Last Saturday, I went to my first football match in Spain – and I’ve been living here for nearly ten years.
You might gather by my non-attendance that I’m not much of a footie fan, and you’d be right. But when someone offers you a free pass, for a match with a British connection, it’s hard to say no. Even if kick-off isn’t till 10pm.
On Saturday night, Sevilla FC was playing at home to Real Sociedad, the San Sebastian team. Don’t ask me if they’re any good, as I don’t have a clue. But I can tell you that Sevilla have a very beautiful piece of artwork on the front of their stadium, Sanchez Pizjuan.
So what was the British connection, I hear you ask? Well, for every home match this season, Sevilla FC is inviting one nation as special guests. The idea is “to integrate different nationalities that live in our nation, with football being the motor of integration”. You get tickets for 5 euros (with proof of nationality), a free scarf, and entry into a competition to win a signed shirt. So far nationals of Uruguay, the US, and Ireland have enjoyed this promotion.
Last Saturday was the turn of Great Britain, and I was asked to help spread the word using my favourite method (short of haranguing people in the pub): Social Media. I didn’t have much advance warning to gather the troops, and hangovers from a music festival the night before featuring Fatboy Slim plus the lure of a night in watching the Eurovision played havoc, but I know that a few of the 300+ Brits in attendance came due to my efforts. I know, because I talked to two of them and asked them how they’d heard about it – thanks to an email I’d sent out the previous day to a language school where I used to work. British TEFL teachers are always up for some well-priced footie of a Saturday night.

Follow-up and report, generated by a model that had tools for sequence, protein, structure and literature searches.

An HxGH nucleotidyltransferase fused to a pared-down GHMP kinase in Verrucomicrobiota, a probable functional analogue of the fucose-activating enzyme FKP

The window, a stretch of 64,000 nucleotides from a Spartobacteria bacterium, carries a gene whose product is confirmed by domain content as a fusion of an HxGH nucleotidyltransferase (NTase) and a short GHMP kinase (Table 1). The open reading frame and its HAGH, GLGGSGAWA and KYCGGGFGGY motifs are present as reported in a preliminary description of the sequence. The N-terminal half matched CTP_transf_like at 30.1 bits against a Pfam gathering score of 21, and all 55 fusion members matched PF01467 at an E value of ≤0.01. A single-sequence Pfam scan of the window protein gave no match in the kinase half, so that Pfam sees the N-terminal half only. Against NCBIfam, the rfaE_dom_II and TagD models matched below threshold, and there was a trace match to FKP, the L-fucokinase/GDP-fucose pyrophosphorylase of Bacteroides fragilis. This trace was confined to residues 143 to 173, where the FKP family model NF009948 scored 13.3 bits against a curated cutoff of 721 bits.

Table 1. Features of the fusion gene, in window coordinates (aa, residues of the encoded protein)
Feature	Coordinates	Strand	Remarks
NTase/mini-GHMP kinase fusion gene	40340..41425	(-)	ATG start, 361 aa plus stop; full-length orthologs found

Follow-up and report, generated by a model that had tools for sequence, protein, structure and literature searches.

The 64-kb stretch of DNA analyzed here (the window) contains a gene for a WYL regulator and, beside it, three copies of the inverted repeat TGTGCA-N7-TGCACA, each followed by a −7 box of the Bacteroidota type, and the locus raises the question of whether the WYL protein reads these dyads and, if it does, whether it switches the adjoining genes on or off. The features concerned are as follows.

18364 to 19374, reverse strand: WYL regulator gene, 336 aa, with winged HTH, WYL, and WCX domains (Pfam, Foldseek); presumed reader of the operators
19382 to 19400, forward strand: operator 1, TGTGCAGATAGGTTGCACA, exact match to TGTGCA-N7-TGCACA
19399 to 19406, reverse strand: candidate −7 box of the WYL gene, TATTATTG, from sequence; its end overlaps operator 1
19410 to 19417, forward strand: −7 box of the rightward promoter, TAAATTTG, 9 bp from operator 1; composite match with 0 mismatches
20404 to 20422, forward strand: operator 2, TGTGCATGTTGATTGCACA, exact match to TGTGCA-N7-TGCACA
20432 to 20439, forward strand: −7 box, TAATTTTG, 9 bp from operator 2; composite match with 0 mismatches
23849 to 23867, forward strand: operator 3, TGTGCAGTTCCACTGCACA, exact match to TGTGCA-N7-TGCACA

With my press pass, I was able to move freely around the stands, watching much of the match right next to the pitch, wherever a free seat was available. I did feel a bit guilty, as I didn’t appreciate the experience as much as a true football aficionado, but I certainly valued being able to see the action up close and absorb the excitement, hear the chants and watch as the manager, standing a few metres away, went apoplectic about his team’s poor performance.
Before kick-off, the Honorary Consul here in Seville, Joe Cooper, was interviewed on Sevilla FC TV (yes, they have their own channel), and he welcomed everyone in English. Joe has lived in Seville for decades, and is well-respected in Seville society – he watched the match sitting in the President’s Box, and snuck me in at half-time to scoff some of the M&S iced gingerbread men – best of British for the lucky Sevilla FC bigwigs.
For half-time, Joe had arranged for a bagpiper to play some Scottish tunes on the pitch. John Adam Mascharenas isn’t quite Scottish, though; he is a Gibralteño of mixed Spanish, Portguese, English and Gibraltan descent, who came all the way from The Rock to play at the match (probably some Scottish blood in there somewhere). A retired policeman, John performs with the Sea Scouts Pipe Band, and has been playing the bagpipes for nearly 40 years. He was decked out in kilt with sporran, and hat, and looked most dashing. You can watch him playing here.
Sevilla FC lost 1-2 in the end, so the crowds weren’t exactly jubilant afterwards. But for my part, I was happy that the Metro whisked me away – eschewing the opportunity for some post-match interviews with Brits, I heeded my bed’s siren call, and was home half an hour after the final whistle. Would I repeat the experience? Most definitely – let’s hope Sevilla FC repeats this generous offer for other nationalities to enjoy a football match next season!